When Lucy Honeychurch arrives in Florence she’s feeling peevish and disappointed. After travelling abroad for the first time Lucy finds their little hotel filled with fellow Britons, and even the woman in charge speaks English with a Cockney accent. What’s the point of leaving England if you’re still surrounded by the same people? Plus, Lucy and her chaperoning cousin were promised rooms with a view of the Arno river, and instead theirs looks over a courtyard. But when a rough around the edges man and his enigmatic son offer to switch rooms, Lucy’s uptight, passive-aggressive cousin (played by Maggie Smith in the movie) is sure that would not be proper. Lucy (played in the movie by Helena Bonham Carter) wavers, confused. Where is the balance between embracing experience and living with propriety? If I could give A Room with a View more than 5 stars I would. E. M. Forster writes beautifully, with both sympathy and insight.

I’ve been wanting to te-read this for a while, and got to it this month for the GoodReads Dead Writers Society Literary Birthday read for January.

Sometime last year I re-watched the movie and as I remember it, the movie follows the book very closely, though I’m sure I would see changes if I watched it now after right having finished the book. The only difference I noticed was the ending--in the book Lucy’s family and friends are angry with her for marrying George, but I don’t think that was in the movie. Both have their last scene back in Italy, in the same room Lucy was in before.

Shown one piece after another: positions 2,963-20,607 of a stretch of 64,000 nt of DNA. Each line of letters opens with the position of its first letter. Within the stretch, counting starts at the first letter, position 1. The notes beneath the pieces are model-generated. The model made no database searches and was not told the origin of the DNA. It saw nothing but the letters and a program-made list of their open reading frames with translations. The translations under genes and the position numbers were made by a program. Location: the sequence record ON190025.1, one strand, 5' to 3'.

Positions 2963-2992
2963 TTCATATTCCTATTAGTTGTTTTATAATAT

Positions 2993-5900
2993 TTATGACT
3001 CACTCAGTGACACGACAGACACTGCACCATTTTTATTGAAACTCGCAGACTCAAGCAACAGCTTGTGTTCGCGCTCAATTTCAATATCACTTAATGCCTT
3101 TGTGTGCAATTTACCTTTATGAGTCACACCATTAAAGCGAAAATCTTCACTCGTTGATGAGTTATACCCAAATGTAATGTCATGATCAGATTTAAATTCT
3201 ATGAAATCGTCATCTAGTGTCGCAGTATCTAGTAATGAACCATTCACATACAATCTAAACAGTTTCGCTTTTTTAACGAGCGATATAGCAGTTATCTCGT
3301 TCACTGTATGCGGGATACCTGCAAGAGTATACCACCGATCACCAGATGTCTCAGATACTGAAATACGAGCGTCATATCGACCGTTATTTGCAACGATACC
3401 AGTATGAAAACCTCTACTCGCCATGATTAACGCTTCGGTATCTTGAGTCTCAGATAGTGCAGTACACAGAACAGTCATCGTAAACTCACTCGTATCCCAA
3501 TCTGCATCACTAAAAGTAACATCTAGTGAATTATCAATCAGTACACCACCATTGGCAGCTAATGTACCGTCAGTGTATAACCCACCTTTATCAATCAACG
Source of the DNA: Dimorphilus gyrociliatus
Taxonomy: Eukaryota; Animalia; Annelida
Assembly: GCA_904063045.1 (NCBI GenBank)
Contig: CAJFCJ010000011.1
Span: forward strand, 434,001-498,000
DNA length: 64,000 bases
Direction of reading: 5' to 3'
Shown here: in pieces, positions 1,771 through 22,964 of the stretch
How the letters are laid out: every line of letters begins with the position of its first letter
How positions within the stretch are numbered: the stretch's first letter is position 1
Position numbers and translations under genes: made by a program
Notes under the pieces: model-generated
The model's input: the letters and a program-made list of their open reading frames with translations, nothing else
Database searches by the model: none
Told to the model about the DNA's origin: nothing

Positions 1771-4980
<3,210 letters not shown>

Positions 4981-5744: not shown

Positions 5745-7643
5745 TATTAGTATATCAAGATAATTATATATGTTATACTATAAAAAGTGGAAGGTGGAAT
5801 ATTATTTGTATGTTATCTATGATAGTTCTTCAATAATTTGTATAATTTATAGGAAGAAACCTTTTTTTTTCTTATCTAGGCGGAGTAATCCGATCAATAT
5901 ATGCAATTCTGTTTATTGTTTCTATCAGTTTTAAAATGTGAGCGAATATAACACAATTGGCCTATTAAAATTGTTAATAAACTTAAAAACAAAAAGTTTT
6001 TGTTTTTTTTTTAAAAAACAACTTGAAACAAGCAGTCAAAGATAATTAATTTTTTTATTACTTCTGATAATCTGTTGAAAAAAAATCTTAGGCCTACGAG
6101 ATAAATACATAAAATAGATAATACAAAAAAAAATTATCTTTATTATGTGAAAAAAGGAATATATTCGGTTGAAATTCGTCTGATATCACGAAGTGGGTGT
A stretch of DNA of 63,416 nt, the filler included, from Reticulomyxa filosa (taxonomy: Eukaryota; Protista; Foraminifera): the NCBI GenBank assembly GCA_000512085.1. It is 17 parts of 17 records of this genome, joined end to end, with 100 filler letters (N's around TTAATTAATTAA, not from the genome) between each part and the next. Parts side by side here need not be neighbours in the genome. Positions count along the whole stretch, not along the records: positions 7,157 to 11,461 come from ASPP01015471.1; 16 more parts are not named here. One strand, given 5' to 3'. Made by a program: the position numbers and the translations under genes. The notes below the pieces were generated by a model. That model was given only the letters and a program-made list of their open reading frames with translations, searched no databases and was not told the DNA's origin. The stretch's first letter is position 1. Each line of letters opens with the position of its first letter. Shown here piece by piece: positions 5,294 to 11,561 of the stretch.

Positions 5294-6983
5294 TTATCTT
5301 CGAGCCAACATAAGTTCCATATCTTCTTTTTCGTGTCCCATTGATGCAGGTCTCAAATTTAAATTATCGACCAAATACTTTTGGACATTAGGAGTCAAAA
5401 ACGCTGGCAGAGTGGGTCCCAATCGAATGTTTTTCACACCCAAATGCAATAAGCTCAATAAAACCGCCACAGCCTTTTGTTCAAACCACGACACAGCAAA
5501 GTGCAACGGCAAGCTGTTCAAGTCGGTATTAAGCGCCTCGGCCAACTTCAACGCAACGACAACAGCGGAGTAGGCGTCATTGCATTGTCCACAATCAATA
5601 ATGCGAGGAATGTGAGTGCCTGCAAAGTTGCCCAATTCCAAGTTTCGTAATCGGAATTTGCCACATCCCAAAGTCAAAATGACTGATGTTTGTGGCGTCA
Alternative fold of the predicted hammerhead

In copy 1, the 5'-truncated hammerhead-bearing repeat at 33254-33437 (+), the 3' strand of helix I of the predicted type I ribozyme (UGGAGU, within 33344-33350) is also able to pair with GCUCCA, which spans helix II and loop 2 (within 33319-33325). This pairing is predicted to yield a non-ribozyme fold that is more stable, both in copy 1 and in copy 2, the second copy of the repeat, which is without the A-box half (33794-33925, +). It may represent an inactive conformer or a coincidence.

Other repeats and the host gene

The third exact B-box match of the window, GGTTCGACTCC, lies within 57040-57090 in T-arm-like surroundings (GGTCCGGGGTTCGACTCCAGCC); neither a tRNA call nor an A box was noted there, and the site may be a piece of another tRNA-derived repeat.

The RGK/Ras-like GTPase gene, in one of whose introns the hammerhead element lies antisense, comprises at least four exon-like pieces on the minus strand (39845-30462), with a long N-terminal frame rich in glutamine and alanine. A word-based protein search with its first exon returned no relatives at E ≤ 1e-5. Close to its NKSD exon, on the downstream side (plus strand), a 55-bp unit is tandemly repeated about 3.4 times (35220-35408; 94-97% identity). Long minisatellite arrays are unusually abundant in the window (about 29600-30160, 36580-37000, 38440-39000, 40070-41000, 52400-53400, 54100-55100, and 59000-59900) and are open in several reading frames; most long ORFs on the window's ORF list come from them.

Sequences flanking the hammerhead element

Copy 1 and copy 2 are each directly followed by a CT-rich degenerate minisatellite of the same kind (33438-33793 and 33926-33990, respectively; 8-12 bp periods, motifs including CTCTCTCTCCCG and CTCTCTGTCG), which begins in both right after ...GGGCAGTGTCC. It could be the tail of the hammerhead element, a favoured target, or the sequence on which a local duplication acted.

The BBC apparently has a more recent production that has George die in WWI at the end, and Lucy visit Italy again as an older woman years later without him (!). ( )
  Jaylia3 | Jan 25, 2016 |
This novel gave me such pleasure to read, from beginning to end. Has anyone else ever written group scenes with so much artfulness and wit? Scenes with so many characters at once, together but in conflict, so succinctly observed? The only other time I remember reading this kind of scene before was in A Passage to India. ( )
  poingu | Jan 23, 2016 |
Showing 1-5 of 134 (next | show all)
E M Forsters romantext präglas av en oerhört njutbar balans mellan utsagt och outsagt, mellan ytlig elegans och underförstådda referenser till en betydligt dunklare verklighet.
 

» Add other authors (53 possible)

Author nameRoleType of authorWork?Status
Forster, E.M.primary authorall editionsconfirmed
Davidson, FrederickNarratorsecondary authorsome editionsconfirmed
Ekman, MariaTranslatorsecondary authorsome editionsconfirmed
Simpson, MonaIntroductionsecondary authorsome editionsconfirmed
Stallybrass, OliverEditorsecondary authorsome editionsconfirmed
Ward, CandaceEditorsecondary authorsome editionsconfirmed
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First words